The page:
Read/Write Speed

The next important feature was read/write speed. Since a NAS is responsible for storing shared files and also for backing up files from each PC you have, read/write speed is important. The sheer number of NAS choices to compare, however, was intimidating but luckily I found a NAS Performance Comparison Chart at SmallNetBuilder. I cannot tell you how awesome this site is for having the most in-depth and up-to-date reviews on NAS systems. After reading many reviews, the way I understood this chart is that anything with a throughput of 50 Mbps or higher can be considered a medium to high-end NAS. Anything below 50 Mbps starts to become a lower-end NAS where speed can become an issue.

From the comparison chart and reviews, I can tell you that the top NAS brands running Linux are Qnap Turbo, Netgear ReadyNAS, and Synology.

Number of Drives/RAID

The next big feature you must decide on for NAS systems is how many hard drives it should have. NAS systems can have 1, 2 or more drives. The more drives you have the more redundancy you have and also the more the system costs.  NAS systems with multiple drives are capable of RAID setups. RAID itself is a complicated area having RAID 0, 1, 3, 4, 5, and 6 configurations. Anyone interested in RAID should research that in more depth. Suffice it to say, I didn't think I needed a RAID setup so I avoided the whole thing :). I did, however, read alot about how WHS even with multiple drives was not a true RAID setup so anyone considering WHS and RAID should research this more.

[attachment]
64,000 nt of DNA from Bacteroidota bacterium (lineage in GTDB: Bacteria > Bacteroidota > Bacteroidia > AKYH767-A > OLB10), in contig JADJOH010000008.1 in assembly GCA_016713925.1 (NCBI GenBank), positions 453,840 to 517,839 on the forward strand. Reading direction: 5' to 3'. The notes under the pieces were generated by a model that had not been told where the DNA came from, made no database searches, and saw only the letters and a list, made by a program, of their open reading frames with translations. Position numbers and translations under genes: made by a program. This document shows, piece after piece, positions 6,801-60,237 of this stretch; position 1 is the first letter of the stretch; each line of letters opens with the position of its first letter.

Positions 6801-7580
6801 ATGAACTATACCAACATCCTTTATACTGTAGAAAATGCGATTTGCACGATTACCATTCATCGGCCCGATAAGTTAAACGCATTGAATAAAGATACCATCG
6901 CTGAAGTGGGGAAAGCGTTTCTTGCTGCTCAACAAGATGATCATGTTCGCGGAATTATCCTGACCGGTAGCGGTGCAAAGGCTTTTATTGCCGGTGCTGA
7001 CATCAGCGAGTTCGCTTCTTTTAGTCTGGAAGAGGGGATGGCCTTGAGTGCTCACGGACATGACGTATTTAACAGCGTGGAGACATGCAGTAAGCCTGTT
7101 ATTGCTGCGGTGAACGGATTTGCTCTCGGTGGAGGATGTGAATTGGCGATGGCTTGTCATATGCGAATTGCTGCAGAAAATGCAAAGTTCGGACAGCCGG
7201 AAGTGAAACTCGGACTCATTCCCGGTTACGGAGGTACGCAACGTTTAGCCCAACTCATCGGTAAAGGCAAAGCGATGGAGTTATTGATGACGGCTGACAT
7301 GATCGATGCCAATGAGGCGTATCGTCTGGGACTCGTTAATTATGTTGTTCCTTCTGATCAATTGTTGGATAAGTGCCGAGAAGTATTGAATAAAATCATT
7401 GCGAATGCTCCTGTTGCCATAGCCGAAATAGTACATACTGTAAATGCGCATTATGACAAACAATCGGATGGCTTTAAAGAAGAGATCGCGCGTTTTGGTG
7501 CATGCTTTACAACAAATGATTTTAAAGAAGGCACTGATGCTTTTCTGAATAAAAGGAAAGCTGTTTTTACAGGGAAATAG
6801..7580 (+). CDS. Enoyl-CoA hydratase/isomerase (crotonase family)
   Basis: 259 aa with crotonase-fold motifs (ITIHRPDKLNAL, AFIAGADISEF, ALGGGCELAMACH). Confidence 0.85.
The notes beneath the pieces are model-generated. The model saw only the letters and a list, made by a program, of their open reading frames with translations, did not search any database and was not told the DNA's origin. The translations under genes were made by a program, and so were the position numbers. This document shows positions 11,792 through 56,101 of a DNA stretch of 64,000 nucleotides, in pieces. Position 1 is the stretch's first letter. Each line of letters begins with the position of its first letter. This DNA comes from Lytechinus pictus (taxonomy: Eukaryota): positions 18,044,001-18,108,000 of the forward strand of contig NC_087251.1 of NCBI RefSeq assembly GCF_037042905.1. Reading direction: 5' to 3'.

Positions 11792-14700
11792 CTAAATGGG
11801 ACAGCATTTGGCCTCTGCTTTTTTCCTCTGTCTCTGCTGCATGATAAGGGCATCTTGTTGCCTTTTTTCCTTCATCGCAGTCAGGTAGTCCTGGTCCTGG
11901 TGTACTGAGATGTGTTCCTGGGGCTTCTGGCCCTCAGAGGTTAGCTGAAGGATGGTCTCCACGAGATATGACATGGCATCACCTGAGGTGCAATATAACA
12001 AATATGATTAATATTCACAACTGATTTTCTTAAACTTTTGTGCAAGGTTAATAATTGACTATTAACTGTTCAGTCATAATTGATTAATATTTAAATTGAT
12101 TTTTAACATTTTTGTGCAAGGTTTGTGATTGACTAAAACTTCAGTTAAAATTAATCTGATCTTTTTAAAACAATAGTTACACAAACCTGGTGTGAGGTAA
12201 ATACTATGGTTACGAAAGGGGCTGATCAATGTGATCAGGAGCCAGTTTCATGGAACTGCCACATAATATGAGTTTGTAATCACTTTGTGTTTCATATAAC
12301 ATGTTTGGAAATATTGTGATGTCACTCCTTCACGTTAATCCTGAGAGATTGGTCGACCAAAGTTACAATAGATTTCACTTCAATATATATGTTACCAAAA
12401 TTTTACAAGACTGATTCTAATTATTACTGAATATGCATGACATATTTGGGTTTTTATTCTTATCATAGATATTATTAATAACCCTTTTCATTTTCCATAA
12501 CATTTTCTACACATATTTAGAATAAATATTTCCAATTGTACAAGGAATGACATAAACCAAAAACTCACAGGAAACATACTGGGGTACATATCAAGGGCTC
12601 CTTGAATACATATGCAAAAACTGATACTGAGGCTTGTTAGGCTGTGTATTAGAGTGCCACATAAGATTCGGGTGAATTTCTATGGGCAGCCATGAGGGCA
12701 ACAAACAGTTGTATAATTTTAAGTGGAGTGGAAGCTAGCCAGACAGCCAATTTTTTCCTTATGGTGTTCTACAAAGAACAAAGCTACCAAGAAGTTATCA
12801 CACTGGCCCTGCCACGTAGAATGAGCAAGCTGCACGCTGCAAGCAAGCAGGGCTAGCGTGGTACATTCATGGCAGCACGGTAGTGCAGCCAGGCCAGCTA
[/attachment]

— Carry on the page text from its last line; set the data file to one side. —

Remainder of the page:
Other Features

NAS systems now come with an overwhelming number of features that are too numerous to even list. Some, for example, come with PHP and MySQL so you can host web sites or can connect with IP-based security cameras so you can record security footage. But here are the features I was most interested in:

  • Automatic back client - NAS systems require a client be installed on every PC you wish backed up and usually come with at least 1 free license of Memeo or similar software. Be sure to check how many free licenses you get from your NAS.